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Going $outh with Houston Native Dorian Electra

Gender-fluid pop star headlines a queer spring-break party at Pearl Bar on March 8.

SONGS IN THE KEY OF G-F: The gender-fluid entertainer Dorian Electra photographed by Charolette Rutherford.

Queer pop stars are on the rise. Gay phenom Troye Sivan is dominating the charts, unapologetically out Hayley Kiyoko has been dubbed our “lesbian Jesus,” and transgender superstar Kim Petras is thriving in the mainstream.

Joining the collective of openly LGBTQ aritsts leading this industry revolution is Dorian Electra, a gender-fluid singer-songwriter known for unique vocals and a non-conforming appearance. From Electra’s clean-cut suit-and-tie look in the “Career Boy” music video to rocking purple hair and a drawn-on mustache in “Man to Man,” the singer’s modern take on ’80s new wave is fresh and captivating.

Electra’s collaboration with singer Charli XCX in the song “Femmebot” on Pop 2 put Electra on the map last year. That partnership also led to the queer concert series Femmebot Fantasy, a six-show U.S. tour featuring both artists that stopped in Houston—Electra’s home town­—last September.  

While they currently live and work in L.A., Electra heads back to Space City to headline Going $outh, a South by Southwest (SXSW) kickoff party for queer Houstonians at Pearl Bar on Friday, March 8. Hosted by Houston’s bearded beauty Blackberri, and with DJ Kirby spinning the tunes, the spring-break-themed show features a lineup of national and local LGBTQ pop stars including umru, the Fagedelics, STOO, Wade in the Sonic Joy, Street Queer, and the Houston-based duo Space Kiddettes. 

OutSmart spoke with Electra in advance of their highly anticipated homecoming for the Going $outh event.

Dorian (center) with their parents Paul and Paula photographed by Greg Stephen Reigh.

Lourdes Zavaleta: Dorian, when and why did you decide to embrace your queer identity?
Dorian Electra: I’m super-lucky to have come from a really open family who always supported me and my friends from a young age [when we would] perform dressed in drag. I definitely felt pretty androgynous as a kid, and didn’t face a ton of pressure to conform to traditional gender expectations, so I was able to feel pretty comfortable in my skin most of the time growing up. I knew I had always felt fluid in my sexual orientation, but it wasn’t really until after college that I learned more about gender-fluidity as an identity, and I started realizing how much that really resonated with me. I was really lucky to be welcomed into the queer and drag community in Chicago and L.A.—I learned so much from all of those folks, and they helped make me feel super at home and comfortable with myself.

Does gender fluidity play a role in your work?
It influences so much of my work—the way I choose to express myself through fashion, visuals, and even down to the way I use my voice in my songs. I naturally oscillate between hyper masculine- and hyper feminine-sounding vocals, both in my performance and in the production.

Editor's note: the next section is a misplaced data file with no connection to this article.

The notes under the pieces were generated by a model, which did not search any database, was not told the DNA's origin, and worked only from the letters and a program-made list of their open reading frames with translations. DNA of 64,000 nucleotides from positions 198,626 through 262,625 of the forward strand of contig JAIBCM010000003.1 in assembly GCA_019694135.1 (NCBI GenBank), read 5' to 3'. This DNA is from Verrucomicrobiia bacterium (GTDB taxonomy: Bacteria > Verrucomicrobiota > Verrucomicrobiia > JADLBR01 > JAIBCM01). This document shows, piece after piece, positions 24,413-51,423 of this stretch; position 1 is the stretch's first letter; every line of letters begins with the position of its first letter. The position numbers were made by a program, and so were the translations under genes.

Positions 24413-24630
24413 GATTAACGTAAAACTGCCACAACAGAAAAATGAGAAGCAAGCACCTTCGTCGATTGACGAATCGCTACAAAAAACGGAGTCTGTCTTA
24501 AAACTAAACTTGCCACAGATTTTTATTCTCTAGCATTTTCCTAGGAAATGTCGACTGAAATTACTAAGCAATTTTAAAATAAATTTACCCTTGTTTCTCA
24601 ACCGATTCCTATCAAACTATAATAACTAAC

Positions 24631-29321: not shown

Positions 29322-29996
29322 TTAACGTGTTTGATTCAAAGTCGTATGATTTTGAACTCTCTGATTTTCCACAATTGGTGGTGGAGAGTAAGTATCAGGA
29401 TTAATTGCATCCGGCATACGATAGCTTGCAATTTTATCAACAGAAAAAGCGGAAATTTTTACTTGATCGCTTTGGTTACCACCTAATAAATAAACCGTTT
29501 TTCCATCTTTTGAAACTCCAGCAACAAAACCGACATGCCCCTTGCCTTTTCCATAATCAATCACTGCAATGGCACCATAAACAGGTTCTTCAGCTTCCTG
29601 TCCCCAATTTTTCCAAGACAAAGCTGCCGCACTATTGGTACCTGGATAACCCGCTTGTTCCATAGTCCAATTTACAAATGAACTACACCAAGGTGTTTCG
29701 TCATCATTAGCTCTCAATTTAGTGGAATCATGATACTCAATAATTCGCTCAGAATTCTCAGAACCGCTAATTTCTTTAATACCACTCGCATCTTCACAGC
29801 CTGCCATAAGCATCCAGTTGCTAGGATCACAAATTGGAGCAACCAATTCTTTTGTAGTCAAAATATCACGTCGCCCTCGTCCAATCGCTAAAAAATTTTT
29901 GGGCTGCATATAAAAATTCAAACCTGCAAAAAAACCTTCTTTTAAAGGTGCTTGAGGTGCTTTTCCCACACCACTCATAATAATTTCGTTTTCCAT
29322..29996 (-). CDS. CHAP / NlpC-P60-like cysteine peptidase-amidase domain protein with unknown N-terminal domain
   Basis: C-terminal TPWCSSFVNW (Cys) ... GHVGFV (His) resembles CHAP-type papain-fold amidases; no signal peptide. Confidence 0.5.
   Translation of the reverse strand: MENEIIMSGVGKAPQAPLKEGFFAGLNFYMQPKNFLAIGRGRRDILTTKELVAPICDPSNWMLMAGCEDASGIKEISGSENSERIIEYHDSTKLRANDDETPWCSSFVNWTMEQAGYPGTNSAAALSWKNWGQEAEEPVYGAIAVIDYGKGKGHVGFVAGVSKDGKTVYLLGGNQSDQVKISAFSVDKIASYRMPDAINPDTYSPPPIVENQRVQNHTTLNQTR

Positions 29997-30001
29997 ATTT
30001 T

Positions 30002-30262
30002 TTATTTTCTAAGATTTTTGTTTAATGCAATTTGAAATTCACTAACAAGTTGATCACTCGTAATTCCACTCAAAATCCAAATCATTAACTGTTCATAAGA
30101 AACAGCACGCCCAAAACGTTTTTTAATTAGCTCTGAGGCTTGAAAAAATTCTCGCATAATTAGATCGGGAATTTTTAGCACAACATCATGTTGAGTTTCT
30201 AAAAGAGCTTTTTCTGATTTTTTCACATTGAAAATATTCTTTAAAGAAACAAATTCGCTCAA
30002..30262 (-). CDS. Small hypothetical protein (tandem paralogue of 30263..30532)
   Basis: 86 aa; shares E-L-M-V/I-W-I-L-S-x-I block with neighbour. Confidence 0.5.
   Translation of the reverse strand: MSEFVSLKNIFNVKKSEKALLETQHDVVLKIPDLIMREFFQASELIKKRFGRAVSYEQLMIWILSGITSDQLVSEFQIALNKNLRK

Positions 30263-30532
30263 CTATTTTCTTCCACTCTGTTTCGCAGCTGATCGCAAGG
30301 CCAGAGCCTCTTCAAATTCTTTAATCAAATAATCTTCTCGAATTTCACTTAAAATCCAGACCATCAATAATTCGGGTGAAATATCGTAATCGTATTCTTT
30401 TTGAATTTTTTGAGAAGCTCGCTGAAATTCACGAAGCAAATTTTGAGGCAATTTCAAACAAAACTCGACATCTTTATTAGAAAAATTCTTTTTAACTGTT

Why is LGBTQ representation in pop music so important?
Queer culture has always influenced pop music and culture, and it’s super-awesome to live in a time when more and more openly queer, trans, and gender-nonconforming artists are being celebrated and able to showcase their work on increasingly mainstream platforms.

“It’s super-awesome to live in a time when more and more openly queer, trans, and gender-nonconforming artists are being celebrated and able to showcase their work on increasingly mainstream platforms.”

Dorian Electra

Do you have any goals as an openly queer artist? If so, what are they?
I just hope to continue to be myself and share my work with people who enjoy it, and also help support more and more queer and QTPOC artists. I hope that the influence of queer artists can continue to work its way more and more into the mainstream, and help other queer artists be rewarded for the culture and art they create.

Whose idea was it to put Going $outh together? 
Trent from Space Kiddettes reached out to me about doing a show, and the lineup sounded amazing—including umru from New York City (who I’ve played a lot with and who has produced some of my upcoming music), Fagedelics (an LGBTQ rap duo from Dallas who I met on Instagram and played with before), and other awesome Texas-based queer acts that I’m super-excited to meet.

Pearl Bar has been the venue for a few of your Houston shows. Why was this spot chosen again for Going $outh?
Julie Mabry at Pearl Bar is a longtime family friend. I’ve known her since I was I was about 7. She used to date my mom, actually. [Julie] is so amazing, and doing so much to make Pearl Bar a space for not only the lesbian community, but for the broader queer community. Julie and all of her staff have so much great energy, and it’s awesome to reconnect with her and collaborate on events. 

Photo by Danin Jacquay (@deathcats).

Is there one thing about your homecoming that you are most looking forward to?
Seeing my family, pets, Houston friends, and eating at Little Pappasitos. You just can’t get the same kind of Tex-Mex anywhere else in the world.

Besides performing, what’s your favorite thing to do when you’re in Houston?
Watching movies with my mom. Sleeping in. [Laughs] And thrifting.

What can your fans expect from Going $outh?
A really great time!

What: Going $outh: A Queer HTX SXSW Party featuring Dorian Electra
When: Friday, March 8, at 8 p.m.
Where: Pearl Bar Houston

This article appears in the March 2019 edition of OutSmart magazine.


Lourdes Zavaleta

Lourdes Zavaleta is a frequent contributor to OutSmart magazine.
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